FICTION

George is a published fiction writer, and his work has appeared in literary magazines and on competition longlists. He is particularly keen on character-driven fiction which explores the relationships between ordinary people, and admires writing with a strong sense of place. His favourite writers include Cormac McCarthy, Sylvia Plath, and Jon McGregor. In terms of short fiction, he is a great admirer of Shirley Jackson, J.G. Ballard, and Vladimir Nabokov.

George is currently seeking a publisher for his first novel. He is also a writer of short fiction and is working towards putting together a collection for publication. You can find links to some of George's published stories below.

HOLDING OUT (The Literary Platform, October 2020).

I followed him, one morning, to make sure he wasn’t up to anything. I feigned sleep and quickly rose and dressed once I heard the front door. I tracked through the high grasses behind him, burying my face against the rain and the cold coastal wind.

ONE OF THE GUYS (Reflex Press, July 2021)

I unhook another can from that plastic mesh that dolphins love to eat and wedge it in the chair’s cup holder. We are living in luxury today, I say, and one of the guys laughs but the others don’t seem to hear me over the music. My empty goes flying, bent double, towards the centre of our circle, where it lands with a thin metallic clank on the heap.

CHRONIC (Reflex Press, October 2021.)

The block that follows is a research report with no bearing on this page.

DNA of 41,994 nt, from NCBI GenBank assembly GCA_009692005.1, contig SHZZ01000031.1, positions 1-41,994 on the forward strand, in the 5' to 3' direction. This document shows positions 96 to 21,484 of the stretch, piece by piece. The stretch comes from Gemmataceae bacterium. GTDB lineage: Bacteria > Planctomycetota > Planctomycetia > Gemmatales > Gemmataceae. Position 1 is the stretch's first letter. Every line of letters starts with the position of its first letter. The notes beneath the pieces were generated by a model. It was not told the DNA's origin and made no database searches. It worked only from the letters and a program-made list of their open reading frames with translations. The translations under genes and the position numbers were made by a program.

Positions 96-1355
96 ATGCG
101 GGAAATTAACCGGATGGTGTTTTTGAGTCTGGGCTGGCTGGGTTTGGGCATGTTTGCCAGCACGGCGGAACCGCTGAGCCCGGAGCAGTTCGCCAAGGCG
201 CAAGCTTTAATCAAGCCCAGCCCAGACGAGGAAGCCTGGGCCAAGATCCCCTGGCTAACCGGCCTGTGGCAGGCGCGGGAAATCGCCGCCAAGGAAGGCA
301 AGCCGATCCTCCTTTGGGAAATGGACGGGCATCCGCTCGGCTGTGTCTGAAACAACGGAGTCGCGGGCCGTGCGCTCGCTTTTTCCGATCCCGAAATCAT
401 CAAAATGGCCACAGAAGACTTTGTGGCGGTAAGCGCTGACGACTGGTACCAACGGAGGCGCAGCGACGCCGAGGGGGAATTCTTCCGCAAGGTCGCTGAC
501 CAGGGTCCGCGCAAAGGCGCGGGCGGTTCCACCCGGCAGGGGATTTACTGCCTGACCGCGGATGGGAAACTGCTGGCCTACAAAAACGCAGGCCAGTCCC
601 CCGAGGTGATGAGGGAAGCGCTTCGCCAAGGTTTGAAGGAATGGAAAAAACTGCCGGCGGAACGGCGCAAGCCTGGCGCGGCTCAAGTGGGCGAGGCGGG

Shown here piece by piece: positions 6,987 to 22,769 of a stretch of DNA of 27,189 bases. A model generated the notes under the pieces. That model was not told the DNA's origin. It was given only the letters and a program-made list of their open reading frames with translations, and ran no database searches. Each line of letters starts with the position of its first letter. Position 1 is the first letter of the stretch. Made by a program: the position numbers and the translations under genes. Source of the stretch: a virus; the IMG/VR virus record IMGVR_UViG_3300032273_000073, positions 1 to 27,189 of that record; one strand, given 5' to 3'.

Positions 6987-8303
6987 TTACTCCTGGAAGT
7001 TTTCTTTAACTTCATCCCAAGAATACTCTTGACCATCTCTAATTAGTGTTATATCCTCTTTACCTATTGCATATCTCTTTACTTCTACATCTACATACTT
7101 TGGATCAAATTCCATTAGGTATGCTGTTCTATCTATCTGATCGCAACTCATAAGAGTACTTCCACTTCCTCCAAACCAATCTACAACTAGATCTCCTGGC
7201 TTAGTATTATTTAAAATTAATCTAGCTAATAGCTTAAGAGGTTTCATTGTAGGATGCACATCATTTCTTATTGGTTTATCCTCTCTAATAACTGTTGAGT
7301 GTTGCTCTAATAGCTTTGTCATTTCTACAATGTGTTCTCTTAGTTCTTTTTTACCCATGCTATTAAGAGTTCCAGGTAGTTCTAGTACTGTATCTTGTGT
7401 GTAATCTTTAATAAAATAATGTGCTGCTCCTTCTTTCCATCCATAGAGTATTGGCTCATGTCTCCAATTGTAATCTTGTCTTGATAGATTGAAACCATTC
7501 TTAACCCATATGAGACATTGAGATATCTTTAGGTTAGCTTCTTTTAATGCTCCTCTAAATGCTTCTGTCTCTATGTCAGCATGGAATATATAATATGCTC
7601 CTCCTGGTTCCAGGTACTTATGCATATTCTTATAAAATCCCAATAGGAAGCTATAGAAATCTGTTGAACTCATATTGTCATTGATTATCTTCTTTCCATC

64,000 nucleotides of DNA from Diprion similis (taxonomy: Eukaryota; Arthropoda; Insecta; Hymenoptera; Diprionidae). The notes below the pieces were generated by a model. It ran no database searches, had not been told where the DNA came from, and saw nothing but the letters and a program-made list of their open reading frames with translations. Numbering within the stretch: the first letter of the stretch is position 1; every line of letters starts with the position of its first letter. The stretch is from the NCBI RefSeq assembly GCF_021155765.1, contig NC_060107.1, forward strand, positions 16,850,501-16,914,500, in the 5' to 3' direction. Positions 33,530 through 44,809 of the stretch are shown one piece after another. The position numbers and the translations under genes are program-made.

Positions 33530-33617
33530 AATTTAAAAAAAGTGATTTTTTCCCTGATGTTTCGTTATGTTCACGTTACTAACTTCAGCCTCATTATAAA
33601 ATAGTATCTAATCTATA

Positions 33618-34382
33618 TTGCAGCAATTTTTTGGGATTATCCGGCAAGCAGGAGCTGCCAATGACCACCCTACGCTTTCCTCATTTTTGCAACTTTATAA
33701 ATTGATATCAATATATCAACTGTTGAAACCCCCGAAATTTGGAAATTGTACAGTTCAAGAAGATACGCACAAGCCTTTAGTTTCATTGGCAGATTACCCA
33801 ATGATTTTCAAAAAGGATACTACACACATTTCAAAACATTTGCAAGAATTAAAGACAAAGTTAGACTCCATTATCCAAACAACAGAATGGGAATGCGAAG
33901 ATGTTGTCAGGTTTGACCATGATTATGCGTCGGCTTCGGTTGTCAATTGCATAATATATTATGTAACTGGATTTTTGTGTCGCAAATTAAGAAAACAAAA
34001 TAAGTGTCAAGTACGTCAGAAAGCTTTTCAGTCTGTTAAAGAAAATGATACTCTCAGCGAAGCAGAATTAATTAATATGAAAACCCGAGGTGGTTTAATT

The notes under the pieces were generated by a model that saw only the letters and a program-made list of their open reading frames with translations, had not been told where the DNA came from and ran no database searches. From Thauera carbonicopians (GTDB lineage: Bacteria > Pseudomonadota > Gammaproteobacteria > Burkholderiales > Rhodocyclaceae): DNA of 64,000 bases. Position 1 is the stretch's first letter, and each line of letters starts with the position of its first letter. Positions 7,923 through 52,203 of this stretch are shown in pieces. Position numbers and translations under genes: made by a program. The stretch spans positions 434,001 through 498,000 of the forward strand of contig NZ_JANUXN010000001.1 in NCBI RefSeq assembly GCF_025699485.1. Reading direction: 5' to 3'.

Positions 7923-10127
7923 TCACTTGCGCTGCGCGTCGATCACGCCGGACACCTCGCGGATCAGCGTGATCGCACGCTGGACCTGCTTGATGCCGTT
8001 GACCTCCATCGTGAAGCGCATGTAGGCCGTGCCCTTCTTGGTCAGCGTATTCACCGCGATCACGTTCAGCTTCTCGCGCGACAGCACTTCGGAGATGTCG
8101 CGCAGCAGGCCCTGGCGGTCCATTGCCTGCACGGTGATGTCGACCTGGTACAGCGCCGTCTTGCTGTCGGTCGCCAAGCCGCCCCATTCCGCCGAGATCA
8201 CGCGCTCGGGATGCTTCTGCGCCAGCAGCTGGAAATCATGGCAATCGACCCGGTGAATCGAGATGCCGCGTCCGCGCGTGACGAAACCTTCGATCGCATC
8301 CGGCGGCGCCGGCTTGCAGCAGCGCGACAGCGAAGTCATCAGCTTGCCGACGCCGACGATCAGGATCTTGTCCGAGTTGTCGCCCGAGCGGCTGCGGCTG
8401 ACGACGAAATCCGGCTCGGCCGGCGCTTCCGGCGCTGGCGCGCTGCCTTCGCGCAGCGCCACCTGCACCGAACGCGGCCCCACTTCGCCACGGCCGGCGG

He wasn’t well. He kept repeating himself, stumbling over syllables that turned to mulch beneath his tongue. ‘They put little cows in boxes,’ he was saying. ‘The cows, baby cows. They can’t move.’ He spoke between sobs, sleep thick in his eyes and wet in his throat. ‘It’s like torture and they do it because they can, for the taste. They’re only babies.’

ROADKILL (The Literary Platform, May 2022)

At the bend, not far from the pub, something caught me, something different. It was tucked against the curb – an animal, of sorts. At first glance it seemed to be taking shelter beside the raised pavement, like a windbreak. I didn’t know what it was, exactly, until I got closer; with each step it resembled less an animal and more a knotted rag, something dirty and tangled and inorganic. It had been a fox, once, before a car hit it. Hollowed it out. I looked away and tried not to think about it too much, and when I passed the twisted dishcloth of fur, I quickened my pace.